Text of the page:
Category Archives: Animals

Great White Sharks Baby Boom May Be Underway In Monterey Bay

MOSS LANDING, Monterey County (KPIX 5) — Great white sharks are known as fearsome predators, but in the Monterey Bay there is more fascination than fear over what may be a great white shark baby boom.

Great white shark sightings have been on the rise in the waters of Monterey Bay, but what’s unusual this year are the high number of juvenile or younger sharks being spotted.

That’s leading to speculation that the bay might be not only a breeding ground, but also some sort of a shark nursery.

You’re unlikely to see them from the shoreline, but Monterey Bay helicopter pilot Chris Gularte says from his perspective 1000 feet up, it’s easy to see what some are calling a population explosion of great white sharks.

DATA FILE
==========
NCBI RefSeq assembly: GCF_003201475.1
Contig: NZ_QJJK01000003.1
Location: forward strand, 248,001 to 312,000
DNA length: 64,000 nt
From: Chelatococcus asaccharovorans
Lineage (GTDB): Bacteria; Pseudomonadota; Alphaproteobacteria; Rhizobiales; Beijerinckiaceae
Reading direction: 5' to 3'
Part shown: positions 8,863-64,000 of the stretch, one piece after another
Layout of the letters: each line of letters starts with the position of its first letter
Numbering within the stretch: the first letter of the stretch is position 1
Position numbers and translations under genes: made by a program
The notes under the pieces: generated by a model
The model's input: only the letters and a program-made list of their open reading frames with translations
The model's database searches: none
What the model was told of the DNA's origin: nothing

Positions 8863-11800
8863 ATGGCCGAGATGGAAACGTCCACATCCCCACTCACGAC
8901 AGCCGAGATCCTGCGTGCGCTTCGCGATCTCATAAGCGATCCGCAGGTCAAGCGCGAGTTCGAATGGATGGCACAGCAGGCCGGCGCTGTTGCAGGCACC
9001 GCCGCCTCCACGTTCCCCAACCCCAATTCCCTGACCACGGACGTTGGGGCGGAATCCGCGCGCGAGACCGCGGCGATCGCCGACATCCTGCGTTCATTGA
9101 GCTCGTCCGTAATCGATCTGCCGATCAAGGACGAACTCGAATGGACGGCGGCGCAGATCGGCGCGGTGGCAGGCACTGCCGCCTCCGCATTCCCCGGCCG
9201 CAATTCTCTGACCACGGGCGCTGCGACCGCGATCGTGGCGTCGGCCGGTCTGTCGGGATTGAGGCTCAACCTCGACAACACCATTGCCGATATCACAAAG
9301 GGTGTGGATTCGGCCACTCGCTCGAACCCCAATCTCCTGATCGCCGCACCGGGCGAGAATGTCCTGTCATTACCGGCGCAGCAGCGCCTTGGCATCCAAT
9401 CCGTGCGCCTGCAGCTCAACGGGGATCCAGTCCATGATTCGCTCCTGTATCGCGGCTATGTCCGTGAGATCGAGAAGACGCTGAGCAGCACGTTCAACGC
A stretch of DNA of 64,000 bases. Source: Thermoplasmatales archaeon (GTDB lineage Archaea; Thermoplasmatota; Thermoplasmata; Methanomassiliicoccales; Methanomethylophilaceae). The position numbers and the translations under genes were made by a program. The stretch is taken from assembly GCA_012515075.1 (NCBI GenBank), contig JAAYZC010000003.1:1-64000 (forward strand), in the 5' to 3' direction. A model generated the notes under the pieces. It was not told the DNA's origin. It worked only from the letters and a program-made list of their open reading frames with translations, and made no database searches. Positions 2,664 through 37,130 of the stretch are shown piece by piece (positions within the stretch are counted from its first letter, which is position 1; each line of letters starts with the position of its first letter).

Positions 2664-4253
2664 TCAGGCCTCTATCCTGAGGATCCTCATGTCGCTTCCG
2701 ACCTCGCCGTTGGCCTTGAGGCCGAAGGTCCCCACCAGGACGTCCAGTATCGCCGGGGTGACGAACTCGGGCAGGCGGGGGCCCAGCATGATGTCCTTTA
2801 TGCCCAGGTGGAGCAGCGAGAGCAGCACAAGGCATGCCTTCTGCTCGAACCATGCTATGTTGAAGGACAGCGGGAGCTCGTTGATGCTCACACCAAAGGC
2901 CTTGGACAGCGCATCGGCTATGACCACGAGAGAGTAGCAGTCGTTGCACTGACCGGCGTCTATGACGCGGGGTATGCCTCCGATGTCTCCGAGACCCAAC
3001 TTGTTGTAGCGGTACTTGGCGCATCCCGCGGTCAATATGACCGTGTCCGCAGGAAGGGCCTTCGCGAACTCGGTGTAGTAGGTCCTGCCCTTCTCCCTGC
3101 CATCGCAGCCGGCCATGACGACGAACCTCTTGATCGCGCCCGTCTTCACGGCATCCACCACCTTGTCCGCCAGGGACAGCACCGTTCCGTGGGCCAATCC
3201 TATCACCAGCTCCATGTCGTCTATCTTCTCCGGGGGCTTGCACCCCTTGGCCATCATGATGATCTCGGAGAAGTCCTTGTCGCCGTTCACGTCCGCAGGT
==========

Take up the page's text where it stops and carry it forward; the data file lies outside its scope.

“Recently we’ve been seeing really big sharks, and then a little baby,” said Gularte.

Gularte has been flying sightseeing trips over Monterey Bay for decades. In recent weeks, he and others have been seeing up to 60 sharks on a single flight.

“And what we’ve been seeing has been developing into what really looks like the great white sharks have been having their babies in the Monterey Bay, which is super, super cool,” said Gularte.

Little is known about how and where great white sharks give birth, but if true, his would be the farthest north a great white shark nesting area has been discovered.

Gularte says the sharks seem unusually docile around humans out in the water. He’s hoping state and federal scientists begin tagging and tracking the great whites in the area, so everyone can learn more.